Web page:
Work to remove Green River Dam #6 to begin March 28
Green River Dam No. 6, near Brownsville, Kentucky, will be removed the U.S. Army Corps of Engineers announced today. The removal will be performed by experienced dam removal personnel under an interagency support agreement between the Corps and the U.S. Department of Interior Fish and Wildlife Service.
Dam removal will begin on March 28. Removal and excavation of the site will take several weeks to complete. Removal is also entirely dependent upon having safe conditions with regards to the Green River's flow and height. Access at the site is limited.
The Army Corps of Engineers Louisville District has coordinated with the U.S. Department of Interior Fish and Wildlife Service, Kentucky Department of Fish and Wildlife Resources, Mammoth Cave National Park, The Nature Conservancy and the Kentucky Waterways Alliance on the dam removal. The lock and dam, built in 1904, closed to navigation traffic in August, 1951, more than 65 years ago.
During the dam's removal, the Nolin Lake tailwater boat ramp will be closed to boat access. Boat access points within Mammoth Cave National Park are also posted as closed. The immediate area of Lock and Dam #6 is restricted to public access while work is underway for safety reasons. In addition to the dangerous water currents, the greatest hazard is being struck by flying rock or concrete debris during demolition. Approaching the dam from either land or water is restricted.
There has been a sense of urgency with demolishing the dam for public safety to keep the area safe for those who use the river for recreation especially with warmer weather approaching. "The goal is to eliminate the safety hazard at the dam," said Michael Turner, biologist, Army Corps of Engineers Louisville District. "The greatest danger is someone being pulled under the lock or adjoining dam where water flows are not great enough to pass over the dam's crest. This is especially hazardous when water flows are not great enough to pass over the dam's crest and the entire flow of the river is passing underneath the structure. In such an event there would be virtually no possibility of rescue," said Turner. Within Mammoth Cave National Park, the Green River is closed downstream of the Green River Ferry Crossing.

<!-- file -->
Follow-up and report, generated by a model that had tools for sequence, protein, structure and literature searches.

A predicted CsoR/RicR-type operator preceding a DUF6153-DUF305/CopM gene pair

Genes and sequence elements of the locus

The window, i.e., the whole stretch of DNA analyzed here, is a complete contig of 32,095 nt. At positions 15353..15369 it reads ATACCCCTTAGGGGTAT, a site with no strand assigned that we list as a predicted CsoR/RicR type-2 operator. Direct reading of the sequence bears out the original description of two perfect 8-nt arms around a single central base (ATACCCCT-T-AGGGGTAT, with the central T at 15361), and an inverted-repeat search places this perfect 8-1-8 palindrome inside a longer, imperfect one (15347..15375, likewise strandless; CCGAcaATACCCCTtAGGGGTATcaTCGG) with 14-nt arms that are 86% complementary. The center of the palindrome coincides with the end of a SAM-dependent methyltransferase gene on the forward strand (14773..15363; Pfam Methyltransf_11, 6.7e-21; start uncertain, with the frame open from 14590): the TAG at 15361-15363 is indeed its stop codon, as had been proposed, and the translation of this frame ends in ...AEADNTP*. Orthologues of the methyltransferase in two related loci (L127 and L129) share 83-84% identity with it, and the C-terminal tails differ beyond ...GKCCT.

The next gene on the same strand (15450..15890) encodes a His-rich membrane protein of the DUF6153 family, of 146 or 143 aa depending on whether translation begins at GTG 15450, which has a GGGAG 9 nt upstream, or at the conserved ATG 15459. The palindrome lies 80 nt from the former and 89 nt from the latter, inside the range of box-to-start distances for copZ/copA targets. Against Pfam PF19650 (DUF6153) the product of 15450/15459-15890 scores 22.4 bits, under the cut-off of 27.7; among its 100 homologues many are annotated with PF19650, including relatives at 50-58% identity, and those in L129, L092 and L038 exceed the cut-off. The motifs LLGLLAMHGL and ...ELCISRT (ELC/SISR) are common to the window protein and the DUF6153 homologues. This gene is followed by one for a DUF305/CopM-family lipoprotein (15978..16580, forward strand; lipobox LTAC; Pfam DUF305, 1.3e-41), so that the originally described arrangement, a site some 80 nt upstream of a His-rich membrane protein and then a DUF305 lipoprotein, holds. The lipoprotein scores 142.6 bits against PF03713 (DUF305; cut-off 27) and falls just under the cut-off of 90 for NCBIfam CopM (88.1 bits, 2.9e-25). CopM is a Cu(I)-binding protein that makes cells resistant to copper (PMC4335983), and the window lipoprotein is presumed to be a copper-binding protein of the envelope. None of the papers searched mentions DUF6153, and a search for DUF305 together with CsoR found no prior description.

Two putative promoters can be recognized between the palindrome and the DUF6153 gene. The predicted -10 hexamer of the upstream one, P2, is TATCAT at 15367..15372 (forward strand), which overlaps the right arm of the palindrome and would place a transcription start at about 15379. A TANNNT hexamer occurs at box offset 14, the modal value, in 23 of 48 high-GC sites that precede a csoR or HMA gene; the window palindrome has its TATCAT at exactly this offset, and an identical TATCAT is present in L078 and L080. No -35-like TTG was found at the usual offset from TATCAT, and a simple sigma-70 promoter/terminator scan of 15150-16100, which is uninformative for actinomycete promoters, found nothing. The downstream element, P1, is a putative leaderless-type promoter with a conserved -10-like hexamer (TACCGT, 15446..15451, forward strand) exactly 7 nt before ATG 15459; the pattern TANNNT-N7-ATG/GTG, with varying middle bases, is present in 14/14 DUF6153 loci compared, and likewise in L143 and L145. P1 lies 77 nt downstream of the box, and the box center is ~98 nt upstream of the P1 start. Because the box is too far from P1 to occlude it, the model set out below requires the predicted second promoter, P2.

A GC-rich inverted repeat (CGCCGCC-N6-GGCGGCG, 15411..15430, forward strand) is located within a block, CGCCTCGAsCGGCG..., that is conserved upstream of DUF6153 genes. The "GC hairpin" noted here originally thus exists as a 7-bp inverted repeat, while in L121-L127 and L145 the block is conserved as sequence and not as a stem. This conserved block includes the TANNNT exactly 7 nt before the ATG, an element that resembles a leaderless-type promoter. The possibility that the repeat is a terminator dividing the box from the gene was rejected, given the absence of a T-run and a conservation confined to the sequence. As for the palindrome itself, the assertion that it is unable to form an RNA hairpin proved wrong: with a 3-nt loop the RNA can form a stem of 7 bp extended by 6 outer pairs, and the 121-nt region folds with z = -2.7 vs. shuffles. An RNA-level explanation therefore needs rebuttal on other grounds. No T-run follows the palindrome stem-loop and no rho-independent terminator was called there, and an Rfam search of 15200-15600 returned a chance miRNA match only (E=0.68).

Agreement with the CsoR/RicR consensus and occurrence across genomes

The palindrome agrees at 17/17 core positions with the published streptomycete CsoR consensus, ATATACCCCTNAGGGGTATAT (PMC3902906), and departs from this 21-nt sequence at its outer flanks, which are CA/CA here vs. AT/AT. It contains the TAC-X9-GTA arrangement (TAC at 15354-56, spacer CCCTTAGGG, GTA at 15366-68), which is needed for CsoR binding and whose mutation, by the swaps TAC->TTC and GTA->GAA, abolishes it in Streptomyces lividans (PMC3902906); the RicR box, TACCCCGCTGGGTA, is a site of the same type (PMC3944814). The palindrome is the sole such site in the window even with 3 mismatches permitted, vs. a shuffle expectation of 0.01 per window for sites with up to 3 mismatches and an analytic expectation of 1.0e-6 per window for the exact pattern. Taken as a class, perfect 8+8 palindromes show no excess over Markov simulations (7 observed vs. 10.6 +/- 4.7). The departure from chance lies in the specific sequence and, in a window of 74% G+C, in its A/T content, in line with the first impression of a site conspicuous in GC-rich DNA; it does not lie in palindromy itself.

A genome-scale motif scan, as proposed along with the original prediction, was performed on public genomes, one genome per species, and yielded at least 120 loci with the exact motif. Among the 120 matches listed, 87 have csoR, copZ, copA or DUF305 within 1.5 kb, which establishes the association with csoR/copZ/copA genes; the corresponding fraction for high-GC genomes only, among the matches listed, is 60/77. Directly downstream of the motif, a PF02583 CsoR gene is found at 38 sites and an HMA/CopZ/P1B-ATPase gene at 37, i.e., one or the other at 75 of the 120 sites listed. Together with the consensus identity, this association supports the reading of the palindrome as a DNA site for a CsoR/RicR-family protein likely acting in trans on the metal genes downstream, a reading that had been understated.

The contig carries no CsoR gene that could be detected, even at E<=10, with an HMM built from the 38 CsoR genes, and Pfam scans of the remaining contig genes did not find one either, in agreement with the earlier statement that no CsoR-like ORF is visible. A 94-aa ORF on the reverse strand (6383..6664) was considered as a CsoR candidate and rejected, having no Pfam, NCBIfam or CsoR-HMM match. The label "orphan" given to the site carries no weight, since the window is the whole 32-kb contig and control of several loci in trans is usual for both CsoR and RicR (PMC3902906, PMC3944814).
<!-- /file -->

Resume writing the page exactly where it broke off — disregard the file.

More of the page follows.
There will be some positive environmental aspects as well, according to Turner. "We expect to see the return of many mussel species, some endangered," said Turner. A rapid improvement in the smallmouth bass fishery can also be expected, according to Mike Hardin, Kentucky Department of Fish and Wildlife Resources.
Dam removal will make opportunities available for canoe and kayak trips from Nolin Lake tailwater to Brownsville which is a little over eight miles in length. "Besides making the river safer, this project has the potential to increase paddle traffic in the area and increase visitor spending in Brownsville. Kayak and canoe trips ending in Brownsville will now be possible, which will help with the effort to make Brownsville a Kentucky Trail Town," said Deryck Rodgers, natural resources project manager, Army Corps of Engineers Nolin River Lake.
"In addition to increased recreational opportunities, restoring natural flow to Green River will greatly improve the health of the river on the surface and the health of the underground rivers," said Sarah Craighead, superintendent of Mammoth Cave National Park.
"Removal of Lock and Dam #6 is a victory for public safety, outdoor recreation and a healthy Green River. It will improve miles of the river within Mammoth Cave National Park, benefiting natural resources, local citizens and small businesses alike. "We are grateful to Senator McConnell, Representative Guthrie and our other partners who secured this win for people and nature," said David Phemister, State Director for the Kentucky Chapter of The Nature Conservancy.
"Removing this lock and dam represents a great step forward in restoring the Green River's natural flows," said Cindy Dohner, the Service's Southeast Regional Director. "That's good for everything and everyone -- the aquatic species that live in the river as well as the people who enjoy it. Kentucky's anglers, boaters and the outfitters that support their passion play an important role in the Bluegrass State's tourism economy. Congratulations to the partners that made this possible."
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